His second collection was entirely devoted to Chopin – waltzes, mazurkas, studies and impromptus, all performed with unique understanding which utilized his refined, delicate yet brilliant technique and uncanny insight. The critics judged Eddie to have presented ‘brilliant passage work’ and ‘crystalline purity in Mozart’ together with, in the Chopin group, ‘beautiful shading and nuancing … glorious resonance … sureness of touch, perfect legato, brilliant staccato and music that came from within. A poetic piano and its poetic pianist.’

* Rare details survive of George Brooke’s extraordinarily eclectic choices and unique programming: Burleigh’s arrangements of the Negro spiritual Hard Trials; the lively Didn’t It Rain and I Got a Robe; the song made famous by Paul Robeson Go Down Moses also the Negro convict songs Water Boy (Robinson) and the mournful Christian lament Were You There? (Thomas). The English group comprised To Daisies (Quilter); The Second Minuet (Besley); The Cloths of Heaven (Dunhill); Chinese Flower (Bowers) the words being a translation of a Chinese poem written by Su Tung-po in 1061; the jolly Waita Poi (Hill); To The Children (Rachmaninoff); Ay-Ay-Ay a Spanish ditty by Frevie and Au Paps (Holmes). The German group included Wir Wandelten (Brahms); Botschaft (Brahms); In Meiner Hei- mat (Trunk); Wohin? (Schubert); Zueignung (Strauss); Mein (Gurshman); an old German folk song Spinner Liedchen given as an encore and the Negro song Fat Little Fella With His Mammie’s Eyes. Many of these songs are now completely forgotten and never performed in public concert.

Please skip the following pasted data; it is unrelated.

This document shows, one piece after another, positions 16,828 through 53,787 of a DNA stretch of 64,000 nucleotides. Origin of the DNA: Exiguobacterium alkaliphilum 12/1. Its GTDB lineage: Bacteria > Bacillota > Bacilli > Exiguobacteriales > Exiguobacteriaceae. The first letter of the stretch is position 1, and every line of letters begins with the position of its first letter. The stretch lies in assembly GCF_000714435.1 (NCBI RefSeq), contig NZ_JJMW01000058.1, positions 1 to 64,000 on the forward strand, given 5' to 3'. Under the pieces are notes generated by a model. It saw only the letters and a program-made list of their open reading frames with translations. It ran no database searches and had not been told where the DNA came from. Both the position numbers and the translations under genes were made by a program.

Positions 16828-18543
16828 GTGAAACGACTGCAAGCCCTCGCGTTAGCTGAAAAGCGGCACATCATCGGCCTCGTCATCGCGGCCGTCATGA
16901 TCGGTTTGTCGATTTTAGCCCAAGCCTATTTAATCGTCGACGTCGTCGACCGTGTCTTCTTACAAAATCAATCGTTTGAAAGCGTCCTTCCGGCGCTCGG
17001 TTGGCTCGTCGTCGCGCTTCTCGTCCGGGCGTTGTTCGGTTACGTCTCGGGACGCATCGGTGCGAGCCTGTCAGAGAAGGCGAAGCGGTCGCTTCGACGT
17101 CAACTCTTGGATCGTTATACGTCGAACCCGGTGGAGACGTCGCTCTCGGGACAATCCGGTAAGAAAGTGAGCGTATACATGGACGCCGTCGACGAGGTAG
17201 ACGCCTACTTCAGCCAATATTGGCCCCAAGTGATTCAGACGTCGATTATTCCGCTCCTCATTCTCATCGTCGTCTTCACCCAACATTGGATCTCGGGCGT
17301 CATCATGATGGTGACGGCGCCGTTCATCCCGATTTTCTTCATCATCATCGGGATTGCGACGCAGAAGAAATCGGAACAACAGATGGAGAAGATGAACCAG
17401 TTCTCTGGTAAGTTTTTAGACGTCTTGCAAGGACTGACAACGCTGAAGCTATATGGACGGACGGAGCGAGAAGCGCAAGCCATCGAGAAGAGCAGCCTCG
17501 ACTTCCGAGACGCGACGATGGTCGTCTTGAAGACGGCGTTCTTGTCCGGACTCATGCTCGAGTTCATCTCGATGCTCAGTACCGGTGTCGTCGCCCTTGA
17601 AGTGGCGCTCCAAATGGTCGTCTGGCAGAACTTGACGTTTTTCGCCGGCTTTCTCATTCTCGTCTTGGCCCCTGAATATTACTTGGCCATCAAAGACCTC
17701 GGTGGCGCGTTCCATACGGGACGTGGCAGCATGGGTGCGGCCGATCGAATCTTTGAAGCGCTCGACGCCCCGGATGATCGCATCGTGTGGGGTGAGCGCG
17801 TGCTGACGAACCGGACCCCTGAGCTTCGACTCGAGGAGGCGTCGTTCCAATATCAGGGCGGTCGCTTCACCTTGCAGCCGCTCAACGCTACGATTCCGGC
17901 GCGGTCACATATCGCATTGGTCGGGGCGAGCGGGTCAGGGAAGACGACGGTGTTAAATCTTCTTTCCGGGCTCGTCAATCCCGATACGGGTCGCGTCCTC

† Alexander Borowsky (1889–1968) was an esteemed Russian-American pianist, a pupil of Annette Essipova, the most brilliant pupil and afterwards wife of the Polish pedagogue Theodor Leschetizky. Eddie probably encountered these works whilst studying in Vienna with Leonie Gombrich, Leschetizky’s former pupil.

* * *